The House-select Committee probing the 6th January riot on the United States Capitol pushes ahead with contempt charges against former Republican President Trump advisers Dan Scavino and Peter Navarro after their monthslong denial to obey subpoenas. According to a committee report, Scavino, a White House communications aide under former president, and Navarro, Trump’s trade adviser, didn’t cooperate in the congressional investigation of the deadly attack.
The House-select committee probing insurgence at the Capitol filed contempt charges against former Trump advisers Scavino & Navarro after their refusal to comply with subpoenas. The 9-member panel will meet today night to discuss whether to hold them in contempt of Congress. pic.twitter.com/axCst39kN8
— Live News Now (@LiveNewsNow6) March 28, 2022
Furthermore, the filing comes before the planned business meeting of the committee on 28th March to vote on a criminal referral of both advisers for failing to comply with their subpoenas. Afterward, the recommendation of criminal charges will proceed towards the full House. After the House approval, it would send the charges to the Department of Justice, which has the final say on the prosecution.
Insurgents stormed the Capitol to block Congress from certifying 2020 Presidential Election results demonstrating Democratic Joe Biden defeated Republican Trump. Then, in early February, the committee subpoenaed Navarro for his testimony attempting to question the former president’s ally who pushed fake claims of voter fraud in the election that the committee believes flued the attack.
Navarro’s Response to the Committee Decision
This month, the Biden government denied claims from Navarro and former national security adviser Michael Flynn, saying an allegation of executive privilege was unjustified or in the national interest. Additionally, Navarro called the House-select committee vote an unfair partisan assault on executive privilege. He also said that the committee knows well that the former president invoked his executive privilege, and it is not his privilege to waive.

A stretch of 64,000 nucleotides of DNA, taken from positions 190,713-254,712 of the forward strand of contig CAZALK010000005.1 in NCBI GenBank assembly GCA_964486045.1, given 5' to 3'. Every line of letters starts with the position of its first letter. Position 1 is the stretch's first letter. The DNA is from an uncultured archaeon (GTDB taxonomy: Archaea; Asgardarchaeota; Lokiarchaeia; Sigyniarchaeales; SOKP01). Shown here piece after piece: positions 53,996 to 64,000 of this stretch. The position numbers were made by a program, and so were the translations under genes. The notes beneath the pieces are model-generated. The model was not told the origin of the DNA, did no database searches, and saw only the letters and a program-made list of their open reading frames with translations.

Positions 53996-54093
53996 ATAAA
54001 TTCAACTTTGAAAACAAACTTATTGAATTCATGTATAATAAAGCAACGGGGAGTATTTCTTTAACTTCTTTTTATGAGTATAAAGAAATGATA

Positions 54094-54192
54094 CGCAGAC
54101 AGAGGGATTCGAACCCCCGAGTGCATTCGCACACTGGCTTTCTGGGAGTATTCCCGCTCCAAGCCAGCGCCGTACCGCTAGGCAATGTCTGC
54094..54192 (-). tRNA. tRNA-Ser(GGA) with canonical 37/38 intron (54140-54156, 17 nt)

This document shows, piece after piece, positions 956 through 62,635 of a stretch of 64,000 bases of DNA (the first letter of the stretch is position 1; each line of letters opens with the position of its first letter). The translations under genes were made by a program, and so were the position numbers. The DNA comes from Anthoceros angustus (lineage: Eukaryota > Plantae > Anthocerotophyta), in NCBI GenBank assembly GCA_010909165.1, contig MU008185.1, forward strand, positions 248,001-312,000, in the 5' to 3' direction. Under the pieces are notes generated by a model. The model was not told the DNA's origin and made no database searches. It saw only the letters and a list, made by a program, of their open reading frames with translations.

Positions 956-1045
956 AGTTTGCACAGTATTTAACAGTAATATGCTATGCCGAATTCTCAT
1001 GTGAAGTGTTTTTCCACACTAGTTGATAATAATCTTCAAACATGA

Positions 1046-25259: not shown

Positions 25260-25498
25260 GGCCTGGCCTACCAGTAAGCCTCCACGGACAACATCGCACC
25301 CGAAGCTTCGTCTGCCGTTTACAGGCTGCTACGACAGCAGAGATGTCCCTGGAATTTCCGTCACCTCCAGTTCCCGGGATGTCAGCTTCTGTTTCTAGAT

The committee quoted reports in the last fall subpoena it issued to Scavino that he was with the former president the day before the attack during a talk about how to persuade Congress members not to certify the 2020 election for Joe Biden and with Donald Trump again the attack day and may have relevant materials to his tweets and videotaping that day.
The committee said in the report that Scavino allegedly attended many meetings with Trump in which challenges to the 2020 presidential elections were discussed. Moreover, Scavino tracked social media on behalf of Trump. The committee also cites several news stories that discuss “TheDonald.win” (an online forum) tracking by Scavino. According to a letter from Stanley Brand, his attorney to the White House on 25th March, Scavino is still arguing his need to testify.
Scavino is one of the most loyal and closest allies of former President Trump, and he served in his government from starting to end and as one of his initial campaign staffers. In addition, he was involved with the social media channels of the former president, usually sending messages to the followers of Trump on the then-president behalf. So, the committee believes Scavino is aware of the formal and informal meetings and details of the violent events leading up to and on the particular day of the riot.
The U.S. Justice Department is still reviewing the contempt referral of Mark Meadows, the former chief of staff of White House, which the full House voted on last December. Previously, the committee voted to endorse contempt charges against White House’s former chief strategist Steve Bannon under Trump’s administration after he stopped cooperating with the panel. Later, a federal grand jury accused Bannon and is anticipating prosecution by the DOJ. Still, the Justice Department didn’t take any action against Meadows.